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The Eagle and Condor Meet
by Rod McAfee

I really didn't know what to expect. I was a little leery of going and I didn't really see any reason for me to go, but even then deep in my innermost feelings I knew I had to do this. I didn't know why but I had this feeling that I really had to do this. So when I got there, I just accepted it for what was there. I didn't make it any harder or any easier, I just accepted what was there. I guess the word is "materializing."

After we left the paved roads and the city I saw something I was already familiar with, dirt roads, rough roads, a lot of natural growth, trees, different kinds of plants. So it was again like opening up old wounds of what I was exposed to in my youth on the reservation here in Arizona.. They had the checkpoints, military where the Indian people were in command and were part of the opposition, part of the police. That's what basically what we experienced years ago, opposition from law enforcement officers, the law so to speak, being in conflict with our own beliefs and our own ways of dealing of situations that arise.

Once we got through the checkpoints we went into the very natural powerful natural growth, natural environment. The village where we first stopped [Amazanga] everything was basically something similar to what I experienced in my youth. However, these people and young children were experiencing some, I'd guess you'd call it modern conveniences, like electricity, running water, flushing toilets and places to take showers., It wasn't really like modern showers and bathrooms but it was so much more than I experienced in my youth on the reservation in Arizona.

 They cooked on open fires, which I experienced in my very early stage of growth. I remember when I was three to four years old, we used an open fire, no wood stoves just an open fire. The children were all very healthy; they run barefooted, they played in the dirt and the mud. All this is what I experienced in my early growth. That was a long time ago. I'm seventy years old now so that was a long time ago.

I accepted even before I left here that my journey there would be to respect their ways, their medicine, their beliefs. This is what I was told by the spirits. That everything is there for you to use if you're going to do a ceremony. This is the way to respect the spirits and respect the medicine. The experience was very natural, very good, the energy was good. What helped that for me to accept was that the only preparation I did before leaving was just to accept that I was going into the unknown and just accept what was there. I was given books to read before I went there, but I didn't read them, I just accepted what was there. It was very good, very positive.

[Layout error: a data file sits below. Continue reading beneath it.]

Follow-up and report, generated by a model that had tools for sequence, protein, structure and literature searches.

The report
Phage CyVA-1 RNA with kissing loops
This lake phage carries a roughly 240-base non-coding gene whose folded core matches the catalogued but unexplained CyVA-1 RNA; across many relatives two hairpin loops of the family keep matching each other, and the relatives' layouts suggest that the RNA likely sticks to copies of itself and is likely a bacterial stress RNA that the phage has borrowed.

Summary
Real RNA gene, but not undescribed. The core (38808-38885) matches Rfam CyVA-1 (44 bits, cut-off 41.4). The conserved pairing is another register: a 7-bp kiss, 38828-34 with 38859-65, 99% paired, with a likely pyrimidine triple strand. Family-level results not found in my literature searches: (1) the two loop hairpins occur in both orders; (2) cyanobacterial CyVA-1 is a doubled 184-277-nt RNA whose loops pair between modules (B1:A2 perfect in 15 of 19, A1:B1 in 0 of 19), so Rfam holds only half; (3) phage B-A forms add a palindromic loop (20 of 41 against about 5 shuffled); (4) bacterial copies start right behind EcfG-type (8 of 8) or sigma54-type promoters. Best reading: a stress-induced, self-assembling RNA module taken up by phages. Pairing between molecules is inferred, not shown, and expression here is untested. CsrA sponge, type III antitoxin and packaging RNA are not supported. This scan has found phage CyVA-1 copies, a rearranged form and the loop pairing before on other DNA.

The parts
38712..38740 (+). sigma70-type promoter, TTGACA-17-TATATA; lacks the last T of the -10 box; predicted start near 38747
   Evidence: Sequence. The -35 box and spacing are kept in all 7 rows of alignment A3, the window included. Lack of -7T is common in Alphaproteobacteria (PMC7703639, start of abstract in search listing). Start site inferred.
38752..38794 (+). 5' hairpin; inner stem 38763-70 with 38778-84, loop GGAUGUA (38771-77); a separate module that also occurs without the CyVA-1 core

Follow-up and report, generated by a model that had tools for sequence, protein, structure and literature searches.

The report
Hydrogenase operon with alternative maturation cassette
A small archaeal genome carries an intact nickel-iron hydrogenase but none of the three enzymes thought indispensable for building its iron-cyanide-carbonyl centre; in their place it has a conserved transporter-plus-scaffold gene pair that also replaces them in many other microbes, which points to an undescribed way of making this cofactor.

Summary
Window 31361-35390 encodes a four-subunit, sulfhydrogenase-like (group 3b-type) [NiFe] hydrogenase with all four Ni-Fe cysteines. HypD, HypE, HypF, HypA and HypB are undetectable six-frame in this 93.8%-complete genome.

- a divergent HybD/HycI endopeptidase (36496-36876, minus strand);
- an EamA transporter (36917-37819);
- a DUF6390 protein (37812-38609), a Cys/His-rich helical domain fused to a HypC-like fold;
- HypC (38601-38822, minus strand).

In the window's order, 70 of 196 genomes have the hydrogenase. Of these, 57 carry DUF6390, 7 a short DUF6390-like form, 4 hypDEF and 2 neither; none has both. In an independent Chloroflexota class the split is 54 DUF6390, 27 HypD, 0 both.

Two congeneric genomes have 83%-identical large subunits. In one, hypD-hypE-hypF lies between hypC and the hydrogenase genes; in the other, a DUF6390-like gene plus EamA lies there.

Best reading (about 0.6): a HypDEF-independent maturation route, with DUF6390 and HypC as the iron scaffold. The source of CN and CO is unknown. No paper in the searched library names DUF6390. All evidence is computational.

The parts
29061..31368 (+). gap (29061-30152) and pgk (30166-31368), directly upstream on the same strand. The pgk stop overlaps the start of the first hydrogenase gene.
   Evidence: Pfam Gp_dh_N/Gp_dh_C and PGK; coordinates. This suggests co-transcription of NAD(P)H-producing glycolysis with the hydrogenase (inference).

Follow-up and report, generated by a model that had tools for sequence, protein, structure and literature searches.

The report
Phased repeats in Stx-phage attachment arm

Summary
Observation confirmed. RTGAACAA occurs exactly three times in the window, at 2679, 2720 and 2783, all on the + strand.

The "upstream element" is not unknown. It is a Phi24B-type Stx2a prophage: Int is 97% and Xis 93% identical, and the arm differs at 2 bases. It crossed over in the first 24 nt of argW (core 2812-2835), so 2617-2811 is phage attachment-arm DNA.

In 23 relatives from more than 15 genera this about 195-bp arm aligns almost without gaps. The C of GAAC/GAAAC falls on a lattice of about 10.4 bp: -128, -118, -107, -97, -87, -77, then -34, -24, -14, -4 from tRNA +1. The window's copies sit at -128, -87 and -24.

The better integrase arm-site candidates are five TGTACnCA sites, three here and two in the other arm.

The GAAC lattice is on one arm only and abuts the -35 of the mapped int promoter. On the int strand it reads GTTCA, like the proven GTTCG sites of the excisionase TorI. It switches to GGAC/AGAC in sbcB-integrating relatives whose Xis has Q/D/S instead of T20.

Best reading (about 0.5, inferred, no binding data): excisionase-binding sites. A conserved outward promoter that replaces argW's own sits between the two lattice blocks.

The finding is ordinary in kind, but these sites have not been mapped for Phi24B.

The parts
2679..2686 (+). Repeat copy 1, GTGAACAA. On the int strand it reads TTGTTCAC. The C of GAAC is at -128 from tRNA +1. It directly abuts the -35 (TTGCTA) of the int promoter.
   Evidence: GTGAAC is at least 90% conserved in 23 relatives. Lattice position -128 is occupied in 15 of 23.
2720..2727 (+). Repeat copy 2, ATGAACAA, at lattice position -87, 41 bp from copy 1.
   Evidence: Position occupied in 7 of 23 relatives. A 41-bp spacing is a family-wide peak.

The building [where the inauguration ceremony for Wanduk Yachay was held] was the only thing that had a cement floor, but it also had the traditional round structure, no square corners, thatched roof. That was the schoolhouse, the school building. There were presentations from the tribal members, and then five of our group from the States did our presentations. Our translator had her hands full translating both sides, from their tribe on our side, translating into English and translating English into Spanish. I could feel the real closeness of people on account of their listening with respect and wanting to learn. But really there was nothing much we could teach them, maybe possibly just upgrade what they had already known and what they had already done. A few words of guidance and encouragement, to show them that they're not alone.

The Condor and the Eagle were constantly mentioned in the presentations. One member of our group presented the elders with Eagle feathers. This is a small start of the beginning of fulfilling the prophecies of the meeting of the Condor and the Eagle.

Our group was involved in five different ceremonies in this first village. All the ceremonies were very spiritual and we all were honored in the most traditional and respectful way of these people.

We journeyed to another village [Mariposas]. We got there at night. We had to travel by foot for almost a half mile through the dark by the light of candles. The trail was a little on the rough side, slippery rocks, mud puddles, slippery grass, uphill, downhill, but going in a good way we all came through, no missteps, a few wet feet, a few stumbles, but we came out good, in good shape. Coming into the village plaza we were greeted again by the people of that village, then we had to travel another quarter mile to that place [where we were to sleep]. This was again by candlelight and flashlights, carrying our heavy baggage to our lodging.

Ceremonies were also part of this stay. The feeling was that we all learned and went through healing. There were other things that happened, but again there are times when words are not enough to describe the individual feelings of our group. This is just my point of view of the highlights of our journey. This is all I can share at this time. All my relations.

Rod is a 70-year-old elder of the Pima Nation. He is married to Linda Neale, Executive Director of the Earth & Spirit Council.

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